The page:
‘2020 was the 8th warmest year in India’: IMD

Last year, 2020, was the eighth warmest year on record since nation-wide records commenced in 1901. Last year, the annual mean land surface air temperature averaged over the country was +0.29 degree C above normal (based on data between 1981-2010) according to the India Meteorological Department’s Statement on Climate of India in 2020. This, despite the cooling effect of La Nina, a global weather phenomenon.

The highest warming was observed over India in 2016 when the mean land surface temperature was +0.71 degree C above normal. The temperature during the pre-monsoon season was below normal by -0.03 degree C. But both monsoon and post-monsoon seasons were +0.43 degree C and +0.53 degree C respectively which contributed to the warming. The mean temperature during winter was above normal +0.14 degree C.

India’s warming was however significantly lower than the global average. The global mean surface temperature anomaly during 2020 (January to October as per the World Meteorological Organisation’s state of the global climate) is +1.2 degree C.

The annual rainfall over the country as a whole was 109 per cent of its Long Period Average (LPA) calculated for the period of 1961-2010.

The statement said 12 out of 15 warmest years were during the recent fifteen years (2006-2020). The past decade (2011-2020) was also the warmest decade on record.

Averaged annual mean temperature during 1901-2020 showed an increasing trend of 0.62 degrees C in 100 years with an increasing trend in maximum temperature (0.99 degrees C in 100 years) and relatively lower increasing trend (0.24 degrees C in 100 years) with respect to minimum temperature.

Last year, the mean monthly temperatures were warmer than the normal during all the months except March and June, the statement said. The mean temperatures exceeded the normal during September (by 0.72 degrees C, warmest since 1901), August (by 0.58 degrees C, second warmest), October (by 0.94 degrees C, third warmest), July (by 0.56 degrees C, fifth warmest), and December (by 0.39 degrees C, seventh warmest).

“2020 was one of the warmest years despite La Niña with cool waters in the east Pacific. La Niñas typically has a cooling effect on global temperatures, but this is now offset by global warming due to greenhouse gas emissions. As a result, La Niña years now are warmer than years with El Niño events of the past. As for India, data shows that the increasing trend in temperatures is the largest during the post-monsoon season and this is reflected in the 2020 post-monsoon temperatures over India, despite a full-fledged La Nina,” said Roxy Mathew Koll, a climate scientist at the Indian Institute of Tropical Meteorology (IITM), Pune.

“The fact that there was a rise of over 1 degrees C in global mean surface temperature over pre-industrial levels in a La Nina year is a sign of global warming. In El Nino years, the sea surface temperatures are higher so are land surface temperatures. But in La Nina years there is cooling particularly over the Indian region. Despite that, the average temperatures were higher than normal which is due to climate change. The northern hemisphere also recorded substantially above normal temperatures,” said DS Pai, senior scientist at IMD Pune.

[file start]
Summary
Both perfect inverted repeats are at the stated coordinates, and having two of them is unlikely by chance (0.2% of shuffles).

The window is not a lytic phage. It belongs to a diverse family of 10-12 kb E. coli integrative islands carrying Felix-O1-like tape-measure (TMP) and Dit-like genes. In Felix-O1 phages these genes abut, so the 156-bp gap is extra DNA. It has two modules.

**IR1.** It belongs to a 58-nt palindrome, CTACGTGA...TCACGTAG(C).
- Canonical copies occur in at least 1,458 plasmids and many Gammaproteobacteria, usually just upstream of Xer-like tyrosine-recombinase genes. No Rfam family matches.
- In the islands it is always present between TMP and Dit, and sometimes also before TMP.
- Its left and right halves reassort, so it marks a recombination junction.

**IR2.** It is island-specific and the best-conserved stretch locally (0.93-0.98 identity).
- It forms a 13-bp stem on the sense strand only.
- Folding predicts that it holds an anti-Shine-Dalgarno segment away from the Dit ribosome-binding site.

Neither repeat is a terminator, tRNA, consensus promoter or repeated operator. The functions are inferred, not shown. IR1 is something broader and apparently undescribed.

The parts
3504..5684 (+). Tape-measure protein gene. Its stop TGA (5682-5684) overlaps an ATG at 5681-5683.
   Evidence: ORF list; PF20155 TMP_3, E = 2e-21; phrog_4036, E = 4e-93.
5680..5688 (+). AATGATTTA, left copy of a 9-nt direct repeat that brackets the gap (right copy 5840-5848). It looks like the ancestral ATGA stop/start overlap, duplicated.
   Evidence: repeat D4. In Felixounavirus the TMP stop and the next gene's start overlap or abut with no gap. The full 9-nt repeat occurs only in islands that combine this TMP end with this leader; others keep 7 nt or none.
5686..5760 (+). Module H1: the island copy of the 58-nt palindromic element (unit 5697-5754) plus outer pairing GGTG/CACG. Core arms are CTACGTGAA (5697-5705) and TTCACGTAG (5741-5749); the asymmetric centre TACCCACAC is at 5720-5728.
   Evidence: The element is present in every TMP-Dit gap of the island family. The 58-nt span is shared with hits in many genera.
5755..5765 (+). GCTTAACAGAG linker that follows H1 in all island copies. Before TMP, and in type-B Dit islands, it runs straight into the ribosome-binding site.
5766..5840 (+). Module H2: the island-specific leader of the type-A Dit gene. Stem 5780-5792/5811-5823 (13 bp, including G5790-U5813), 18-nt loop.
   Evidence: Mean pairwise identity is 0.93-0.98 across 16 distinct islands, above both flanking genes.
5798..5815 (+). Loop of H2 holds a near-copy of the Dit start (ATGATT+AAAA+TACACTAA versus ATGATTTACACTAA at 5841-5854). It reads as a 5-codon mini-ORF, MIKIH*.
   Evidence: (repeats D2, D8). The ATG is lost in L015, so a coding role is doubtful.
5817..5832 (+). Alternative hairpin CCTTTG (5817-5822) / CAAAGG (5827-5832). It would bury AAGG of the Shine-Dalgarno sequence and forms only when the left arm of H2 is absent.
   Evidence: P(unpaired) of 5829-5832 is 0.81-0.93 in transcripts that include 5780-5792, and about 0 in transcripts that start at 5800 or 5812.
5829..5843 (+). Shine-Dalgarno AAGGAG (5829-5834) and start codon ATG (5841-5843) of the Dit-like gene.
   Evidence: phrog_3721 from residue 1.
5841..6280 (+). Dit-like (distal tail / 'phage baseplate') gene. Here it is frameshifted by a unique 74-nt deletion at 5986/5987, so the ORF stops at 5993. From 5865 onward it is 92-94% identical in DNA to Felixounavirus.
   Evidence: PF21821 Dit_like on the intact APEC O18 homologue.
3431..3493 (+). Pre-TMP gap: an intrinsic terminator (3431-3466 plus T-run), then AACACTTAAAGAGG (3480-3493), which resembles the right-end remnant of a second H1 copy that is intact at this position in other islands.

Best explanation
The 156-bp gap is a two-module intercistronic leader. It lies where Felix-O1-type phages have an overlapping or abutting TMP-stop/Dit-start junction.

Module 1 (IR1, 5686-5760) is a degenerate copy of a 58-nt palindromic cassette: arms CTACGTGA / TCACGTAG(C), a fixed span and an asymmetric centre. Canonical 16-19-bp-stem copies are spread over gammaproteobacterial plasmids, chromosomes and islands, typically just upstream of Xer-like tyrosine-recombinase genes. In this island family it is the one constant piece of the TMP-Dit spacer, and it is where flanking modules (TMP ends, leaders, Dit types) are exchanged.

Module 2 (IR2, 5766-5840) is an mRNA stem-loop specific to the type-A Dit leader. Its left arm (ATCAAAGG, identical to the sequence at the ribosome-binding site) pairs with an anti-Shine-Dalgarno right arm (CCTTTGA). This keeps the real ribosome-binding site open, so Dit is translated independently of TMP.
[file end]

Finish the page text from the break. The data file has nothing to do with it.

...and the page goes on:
The statement also said India experienced some extreme climate events like extremely heavy rainfall, floods, landslides, thunderstorm, lightning, cold waves which killed hundreds of people.

Bihar and Uttar Pradesh were the most adversely affected states during the year wherein more than 350 people died from each state due to thunderstorm, lightning and cold wave.

Heavy rainfall and floods claimed over 600 lives in different parts of the country during pre-monsoon, monsoon and post-monsoon seasons. Of these, 129 people were killed in Assam, 72 in Kerala (65 persons died in a single day in Munnar, Idukki district of Kerala on August 7 due to a landslide), 61 in Telangana (while 59 lives were reportedly claimed only during the period 1st to 20th October), 54 in Bihar, 50 in Maharashtra, 48 Uttar Pradesh and 38 in from Himachal Pradesh.

Thunderstorms and lightning also claimed over 815 lives from different parts of the country – 280 in Bihar, 220 in Uttar Pradesh, rest in Jharkhand, Madhya Pradesh, Maharashtra and Andhra Pradesh. Cold wave conditions also killed 150 people mainly in central India in January.

Last year, 5 cyclones formed over the North Indian Ocean. These were super cyclonic storm Amphan, very severe cyclonic storms Nivar and Gati (both over the Arabian Sea), severe cyclonic storm Nisarga and cyclonic storm Burevi.

Super cyclonic storm Amphan formed in the pre-monsoon season and crossed the West Bengal coast over Sundarbans on May 20. It claimed 90 lives and about 4,000 livestock mainly in West Bengal.

According to the WMO, Amphan is estimated to be the costliest tropical cyclone on record in the North Indian Ocean with economic losses to the tune of approximately US $14 billion.

El Niño and the Southern Oscillation (ENSO) is a periodic fluctuation in sea surface temperature and the air pressure of the overlying atmosphere across the equatorial Pacific Ocean according to the National Oceanic and Atmospheric Administration (NOAA).

ENSO has a major influence on weather and climate patterns such as heavy rains, floods and drought. El Niño has a warming influence on global temperatures, whilst La Niña has the opposite effect. In India for example, El Nino is associated with drought or weak monsoon while La Nina is associated with strong monsoon, above-average rains and colder winters.

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